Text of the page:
(those should go along with some scary Dracula music, right?)

  1. Consider Your Foundation.” The idea expressed under this bullet point was to think about what’s important to you and understand your purpose: knowing your purpose will help dispel your fears. This sounds all well and good, but what about when you’re so frozen with fear and you have no sense of what your purpose is? What about when you don’t know where you’re going, only where you’ve been and everyplace you can remember is scary? This is a great time for creating the white space so we can think, breathe, learn, and honor.
    • White space is what you create when you take deep breaths. When you close your eyes. When you reopen them again and you have a clearer mind because the clutter has fallen away, even if momentarily. If you’re not ready for the clutter when it comes back knocking, lather, rinse, repeat. Breathe deeply. Close eyes. Reopen. Love yourself. Being in your white space brings you into the present day and mind frame. Fears are typically based in the past (which is no longer here) or the future (which isn’t here yet). By bringing yourself into your present state of mind, you’re clearing the clutter of past and future fears.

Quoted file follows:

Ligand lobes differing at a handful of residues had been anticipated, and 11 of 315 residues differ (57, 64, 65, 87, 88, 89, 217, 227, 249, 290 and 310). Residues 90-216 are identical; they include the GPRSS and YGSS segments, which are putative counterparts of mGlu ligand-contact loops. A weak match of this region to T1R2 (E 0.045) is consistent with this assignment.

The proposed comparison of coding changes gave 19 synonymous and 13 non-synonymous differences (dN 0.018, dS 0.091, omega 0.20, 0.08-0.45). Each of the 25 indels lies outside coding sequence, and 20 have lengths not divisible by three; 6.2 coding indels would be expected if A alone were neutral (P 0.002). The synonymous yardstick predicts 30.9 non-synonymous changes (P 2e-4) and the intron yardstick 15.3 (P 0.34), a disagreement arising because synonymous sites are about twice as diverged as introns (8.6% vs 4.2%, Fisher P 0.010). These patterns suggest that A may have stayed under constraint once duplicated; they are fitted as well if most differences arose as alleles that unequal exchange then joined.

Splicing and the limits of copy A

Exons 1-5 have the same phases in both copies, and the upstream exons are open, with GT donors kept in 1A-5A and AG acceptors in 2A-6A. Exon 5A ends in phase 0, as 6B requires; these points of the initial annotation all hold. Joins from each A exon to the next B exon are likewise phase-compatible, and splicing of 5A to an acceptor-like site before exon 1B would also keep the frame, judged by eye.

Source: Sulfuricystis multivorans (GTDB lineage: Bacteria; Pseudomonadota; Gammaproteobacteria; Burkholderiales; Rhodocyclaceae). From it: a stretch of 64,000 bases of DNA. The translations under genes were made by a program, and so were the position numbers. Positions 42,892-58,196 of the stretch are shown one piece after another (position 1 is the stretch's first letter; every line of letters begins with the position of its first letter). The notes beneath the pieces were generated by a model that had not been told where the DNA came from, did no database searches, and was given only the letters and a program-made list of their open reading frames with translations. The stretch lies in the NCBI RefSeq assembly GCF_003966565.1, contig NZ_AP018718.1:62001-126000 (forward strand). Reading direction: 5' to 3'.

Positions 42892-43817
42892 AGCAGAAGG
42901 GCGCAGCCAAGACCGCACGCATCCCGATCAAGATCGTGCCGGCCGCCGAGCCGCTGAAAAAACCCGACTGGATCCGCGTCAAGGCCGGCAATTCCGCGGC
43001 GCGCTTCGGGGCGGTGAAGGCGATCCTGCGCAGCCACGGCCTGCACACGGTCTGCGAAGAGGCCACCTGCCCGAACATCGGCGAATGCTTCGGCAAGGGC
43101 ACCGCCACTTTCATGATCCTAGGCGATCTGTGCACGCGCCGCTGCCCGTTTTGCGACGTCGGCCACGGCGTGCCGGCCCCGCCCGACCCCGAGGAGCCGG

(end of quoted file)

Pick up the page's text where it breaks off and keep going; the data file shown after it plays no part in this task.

2. Fuel Yourself with Positive Resources.” Here the focus is to stay positive, to put your energy into positive thoughts and not “angry music.” I get the idea. Surround yourself with more of what you want in your life, and less of what you don’t. I get it. But this does nothing to address fear. All your positive resources can get drowned out by fear screaming at the top of its lungs.